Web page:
Figure 2(a) ^{29} is the quantum Talbot carpet observed after the MPPLT when pumped by 532 nm at 170 °C. The two detectors scanned in step for capturing a pair of 1064 nm photons. The transverse stripe interval is Λ_{tr} = 160 μm with stripe width *b* = 20 μm and stripe length *L* = 10 mm. The longitudinal periodicity is Λ = 7.548 μm for all stripes Talbot length is calculated as *z*_{T} = 96.2 mm. The experimental two-photon Talbot carpet consists well with the theoretical simulations.

When exploring the two-photon far field diffraction pattern,^{30} we found the coincidence counting rate takes the form of,

in which |$H(q) = \frac{{\sin (Nq\Lambda _{tr} /2)}}{{\sin (q\Lambda _{tr} /2)}}\sin c(qb/2)$|$H(q)=sin(Nq\Lambda tr/2)sin(q\Lambda tr/2)sinc(qb/2)$ is the far field interference-diffraction pattern for a grating, which mathematically is the Fourier transform of *U*(*x*). In Eq. (8), |$\xi = \frac{{\omega _s x_s }}{{cz_s }} + \frac{{\omega _i x_i }}{{cz_i }}$|$\xi =\omega sxsczs+\omega ixiczi$ is an associate coordinate which indicates that the observed two-photon interference pattern depends on the detection scheme. When the two detectors scanned in step, the sub-wavelength diffraction will be observed^{30} (Fig. 2(b)). From the near field and far field two-photon diffraction pattern, it is obvious that the domain structure can shape the spatial waveform of entangled photons. The two-photon spatial entanglement can be transformed for the purpose of certain quantum technologies.

Spatial entanglement will dramatically change when the distorted transverse structure is introduced into the NPC. By designing a transversely parabolic domain structure,^{26,27} |$U(x) = e^{ - ig_n \alpha x^2 }$|$U(x)=e\u2212ign\alpha x2$, the photon pair will be self-focused after a certain distance from the crystal. In this case, the engineered crystal is equivalent to a homogeneous nonlinear crystal and a focusing lens. The spatial correlation at the focal plane is

under the condition of

The pump and crystal size is assumed to be infinite. The equivalent focal length *f*_{eff} equals |$\frac{\pi }{{g_n \alpha \lambda _p }}$|$\pi gn\alpha \lambda p$. *f*_{eff} is relevant to the pump wavelength λ_{p}, the curvature of the parabolic NPC α and the reciprocal vector *g*_{n} for the longitudinal QPM condition. If we use a two-photon detector to capture the two-photon probability after the crystal, two-photon self-focusing will be observed as shown in Figure 3.^{27} If we use two independent single photon detectors to examine the spatial correlation between the signal and idler photons, we will obtain a well-defined point to point correspondence when Eq. (10) is satisfied. This suggests an important application in lensless ghost imaging following the Gaussian thin lens equation of Eq. (10). When we put an object in one of the path, the image will be recovered in the idler path with the magnification of |$ - \frac{{\lambda _i z_i }}{{\lambda _s z_s }}$|$\u2212\lambda izi\lambda szs$. When *z*_{s} = *z*_{i} = *f*_{eff}, an equal size image will be produced as shown by Fig. 4.^{28}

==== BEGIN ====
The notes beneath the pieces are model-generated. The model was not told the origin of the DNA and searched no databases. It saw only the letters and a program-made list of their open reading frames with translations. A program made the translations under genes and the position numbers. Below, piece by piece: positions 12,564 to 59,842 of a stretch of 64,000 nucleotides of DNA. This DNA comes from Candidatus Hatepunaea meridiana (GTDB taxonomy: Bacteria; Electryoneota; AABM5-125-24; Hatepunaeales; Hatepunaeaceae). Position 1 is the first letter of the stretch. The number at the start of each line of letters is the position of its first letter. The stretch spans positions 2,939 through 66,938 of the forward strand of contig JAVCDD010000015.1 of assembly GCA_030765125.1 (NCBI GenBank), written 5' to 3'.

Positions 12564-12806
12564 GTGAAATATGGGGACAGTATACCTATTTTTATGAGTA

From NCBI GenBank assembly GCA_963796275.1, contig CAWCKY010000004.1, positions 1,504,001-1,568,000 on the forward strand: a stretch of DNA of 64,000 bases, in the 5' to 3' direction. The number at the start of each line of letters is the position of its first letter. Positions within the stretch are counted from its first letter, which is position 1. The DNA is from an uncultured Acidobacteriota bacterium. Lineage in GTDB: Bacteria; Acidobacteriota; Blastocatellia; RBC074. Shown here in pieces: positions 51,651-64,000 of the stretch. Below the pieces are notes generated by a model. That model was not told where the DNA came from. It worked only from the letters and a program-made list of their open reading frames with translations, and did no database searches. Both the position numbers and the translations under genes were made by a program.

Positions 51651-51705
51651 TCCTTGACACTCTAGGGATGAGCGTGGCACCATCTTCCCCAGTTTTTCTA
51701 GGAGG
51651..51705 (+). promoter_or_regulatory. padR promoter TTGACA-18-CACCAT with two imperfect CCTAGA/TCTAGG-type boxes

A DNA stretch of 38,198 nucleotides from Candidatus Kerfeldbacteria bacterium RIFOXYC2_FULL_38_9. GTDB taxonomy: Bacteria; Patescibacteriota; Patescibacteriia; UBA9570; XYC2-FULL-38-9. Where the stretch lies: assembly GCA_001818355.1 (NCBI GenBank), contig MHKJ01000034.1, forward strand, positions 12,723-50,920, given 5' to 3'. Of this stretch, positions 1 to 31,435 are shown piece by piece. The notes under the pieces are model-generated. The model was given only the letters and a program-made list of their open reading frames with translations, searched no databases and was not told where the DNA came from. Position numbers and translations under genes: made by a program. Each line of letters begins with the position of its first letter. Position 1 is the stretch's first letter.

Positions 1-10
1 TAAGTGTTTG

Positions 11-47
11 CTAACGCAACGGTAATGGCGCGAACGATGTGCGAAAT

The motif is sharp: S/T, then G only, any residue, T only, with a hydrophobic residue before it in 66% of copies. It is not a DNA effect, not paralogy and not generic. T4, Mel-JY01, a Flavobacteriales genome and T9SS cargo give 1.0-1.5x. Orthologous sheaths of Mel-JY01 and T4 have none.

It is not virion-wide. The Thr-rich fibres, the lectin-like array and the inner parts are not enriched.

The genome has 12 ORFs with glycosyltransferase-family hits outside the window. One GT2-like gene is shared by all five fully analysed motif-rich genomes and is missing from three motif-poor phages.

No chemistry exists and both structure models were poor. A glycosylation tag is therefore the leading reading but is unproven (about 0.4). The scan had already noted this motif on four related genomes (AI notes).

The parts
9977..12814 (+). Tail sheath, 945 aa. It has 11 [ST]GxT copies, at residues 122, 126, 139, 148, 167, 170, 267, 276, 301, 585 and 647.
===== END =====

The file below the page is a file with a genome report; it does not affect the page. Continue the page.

For a multi-stripe parabolic NPC,^{27,28} new characters will be brought to the two-photon lens, such as the transverse periodicity. When the pump incident at certain transverse position, a dual-focusing phenomena was observed in which the two-photon is focused onto either of two symmetric directions. In this case, the engineered crystal serves as the entangled photon source, lens and beam splitter simultaneously.^{27} This multifunctional integration is free from any bulk optical elements and, therefore, may be exploited for on-chip integrated quantum optics. With these inherent linear optical elements, a lensless twin-image is observed after the same crystal.^{28}

## V. INTEGRATED ENGINEERING OF POLARIZATION-, PATH- AND HYPER-ENTANGLEMENT

As we know, polarization-entanglement is widely used in testing the foundations of quantum mechanics^{55,56} and for developing quantum technologies.^{41} A typical method to generate entangled photons relies on the type-II BPM in a nonlinear crystal^{57} or two type-I crystals.^{58} However, this source is less efficient since the photons pair emitted conically and only a small fraction of the cone can be collected for use. Regarding of this, beam-like entangled photons are more attractive, which can be achieved by coherently combining two SPDC sources at a polarizing beam splitter,^{59–65} by manipulating polarization ququarts,^{66} by overlapping two cascaded PP crystals.^{67,68} However, a compact, postselection-free and bright polarization-entangled photons source is more valuable for practical applications. The cascaded^{69,70} or concurrent^{31,71,72} SPDC processes in a single QPM crystal can meet all the demands as shown by recent several works.

For a periodically poled LN or LT, usually only a single reciprocal vector is used to fulfill the phase-matching condition *k*_{p} − *k*_{s} − *k*_{i} − *g*_{1} = 0. Degenerate or nondegenerate photon pair is generated under a certain polarization configuration. But for a dual-periodically poled crystal or other structured crystals, two concurrent QPM conditions can be satisfied simultaneously, therefore, the entangled photon pair can be generated under two possible polarization configurations, achieving |$| {\hat e_{\omega _1 } } \rangle | {\hat o_{\omega _2 } } \rangle + | {\hat e_{\omega _2 } } \rangle | {\hat o_{\omega _1 } } \rangle$|$|e\u0302\omega 1\u27e9|o\u0302\omega 2\u27e9+|e\u0302\omega 2\u27e9|o\u0302\omega 1\u27e9$. Cascaded by a dichroic mirror, the nondegenerate polarization entanglement is thus produced.^{59,60} Furthermore, a scheme for narrowband counterpropagating polarization entangled photon pairs is proposed for realizing the natural spatial separation of degenerate photon pair.^{31} So multiple QPM processes provide a new solutions for the realization of compact, beamlike and high-brightness source of polarization entangled photon pairs. In addition, by multi-stripe arrangement in a single QPM crystal, high-dimensional frequency entanglement together with polarization entanglement can be simultaneously achieved, thus a frequency- polarization hyper-entangled state may possibly be engineered,^{34} which may find potential applications in quantum communication with better security and higher capacity. Furthermore, when two concurrent beam-like QPM SPDC processes exist, the cross-polarized photon pair will contribute to a bright and integrate polarization entangled state when a polarizaiton-beam-splitting is cascaded.^{33} The concurrent multiple QPMs provided by the nonlinear photonic crystal open up a way to integrated quantum light sources.